The argument about what kind of a relationship the UK wants and needs with the emerging centralised Eurozone should not be monopolised by arguments over our trade.
Those who say we need to stay in on current terms, or stay in on similar terms often tell us we need to do so to protect our trade. This is not true. Many countries trade successfully with the rest of the EU without being members. The rest of the EU would be as keen as the UK to ensure continuity in trade when the UK renegotiates its relationship.
Those who wrongly see the EU as just a trade and business club we need to belong to should understand that the EU is not a free trade area. They often imply it is and say that is what we want. Belonging to a free trade area with the rest of the EU would be a welcome improvement on what we have now, removing remaining tariff and subsidy barriers, expecially in areas where the EU has restrictive policies.
There are customs areas, free trade areas, and common government areas. The EU is both a customs union and a common government area. The danger of the latter is it entails the erection of substantial barriers and costs to doing business through a large legislative and regulatory programme. Worse still, all these extra costs are imposed on UK exporters to non EU destinations as well as to EU ones.
The UK could have full access to the single market on current terms, it could just belong to the customs union, or it could negotiate a free trade area with the EU. To those who think the current single market is better than relying on the international trade framework, it should be possible for the UK to belong to the single market from outside the federalist Treaties. Better still would be a new arrangement which leaves both the UK and the continental trading partners free to do as we wish, whilst preserving the trade which is in our mutual interest.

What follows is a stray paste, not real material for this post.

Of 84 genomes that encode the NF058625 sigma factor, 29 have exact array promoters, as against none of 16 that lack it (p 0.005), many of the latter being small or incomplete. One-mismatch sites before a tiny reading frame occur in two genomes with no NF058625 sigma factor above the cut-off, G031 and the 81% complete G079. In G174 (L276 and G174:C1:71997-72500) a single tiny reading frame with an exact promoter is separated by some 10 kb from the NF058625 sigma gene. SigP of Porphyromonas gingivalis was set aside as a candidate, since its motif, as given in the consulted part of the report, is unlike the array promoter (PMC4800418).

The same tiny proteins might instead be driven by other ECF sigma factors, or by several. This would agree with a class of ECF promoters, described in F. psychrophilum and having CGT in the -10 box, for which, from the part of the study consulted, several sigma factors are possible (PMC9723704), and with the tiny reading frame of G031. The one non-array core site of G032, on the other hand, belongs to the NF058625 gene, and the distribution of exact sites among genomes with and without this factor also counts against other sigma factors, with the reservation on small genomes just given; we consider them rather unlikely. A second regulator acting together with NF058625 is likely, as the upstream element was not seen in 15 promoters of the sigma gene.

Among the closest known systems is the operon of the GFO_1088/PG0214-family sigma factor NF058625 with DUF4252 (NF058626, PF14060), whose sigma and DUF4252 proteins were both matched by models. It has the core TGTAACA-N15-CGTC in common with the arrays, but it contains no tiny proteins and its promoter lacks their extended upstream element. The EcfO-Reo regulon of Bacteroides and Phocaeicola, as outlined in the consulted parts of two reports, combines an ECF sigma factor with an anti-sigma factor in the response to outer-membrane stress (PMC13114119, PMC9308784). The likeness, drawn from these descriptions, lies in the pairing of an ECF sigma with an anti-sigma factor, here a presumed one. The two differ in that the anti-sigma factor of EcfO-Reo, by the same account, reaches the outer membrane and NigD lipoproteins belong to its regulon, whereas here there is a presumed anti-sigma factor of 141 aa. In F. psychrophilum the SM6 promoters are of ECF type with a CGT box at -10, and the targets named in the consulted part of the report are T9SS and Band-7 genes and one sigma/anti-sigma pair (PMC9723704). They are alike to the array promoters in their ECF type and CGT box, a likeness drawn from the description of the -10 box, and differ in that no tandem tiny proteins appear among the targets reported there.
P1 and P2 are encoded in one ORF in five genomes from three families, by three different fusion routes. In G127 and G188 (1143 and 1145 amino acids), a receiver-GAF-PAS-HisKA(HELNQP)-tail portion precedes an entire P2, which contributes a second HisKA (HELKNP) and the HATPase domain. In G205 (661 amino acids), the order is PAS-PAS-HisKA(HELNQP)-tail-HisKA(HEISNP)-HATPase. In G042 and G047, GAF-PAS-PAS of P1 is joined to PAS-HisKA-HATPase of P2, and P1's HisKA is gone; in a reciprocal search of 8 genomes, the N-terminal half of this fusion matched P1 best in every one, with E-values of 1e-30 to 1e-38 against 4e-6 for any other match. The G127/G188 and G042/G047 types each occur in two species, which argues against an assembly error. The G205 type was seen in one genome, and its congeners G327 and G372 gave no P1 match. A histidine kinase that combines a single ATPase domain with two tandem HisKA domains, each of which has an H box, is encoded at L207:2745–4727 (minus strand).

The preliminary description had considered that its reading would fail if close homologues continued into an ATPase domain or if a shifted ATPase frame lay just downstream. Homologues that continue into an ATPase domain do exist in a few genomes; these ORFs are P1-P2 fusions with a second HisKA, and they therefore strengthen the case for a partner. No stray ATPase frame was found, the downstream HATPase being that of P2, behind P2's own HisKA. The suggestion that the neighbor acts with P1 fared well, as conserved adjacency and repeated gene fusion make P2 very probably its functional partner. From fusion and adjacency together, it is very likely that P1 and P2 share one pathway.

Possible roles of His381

The motor industry is rightly against facing a higher tariff wall from outside the single market than they face from inside. The German industry, I am sure, will want access to the UK market on at least as good terms as it enjoys today, so there should be no great worry about this issue. There needs to be more debate explaining the crucial differences between free trade areas, customs unions and the single market. You do not need hundreds of common laws in order to trade with each other.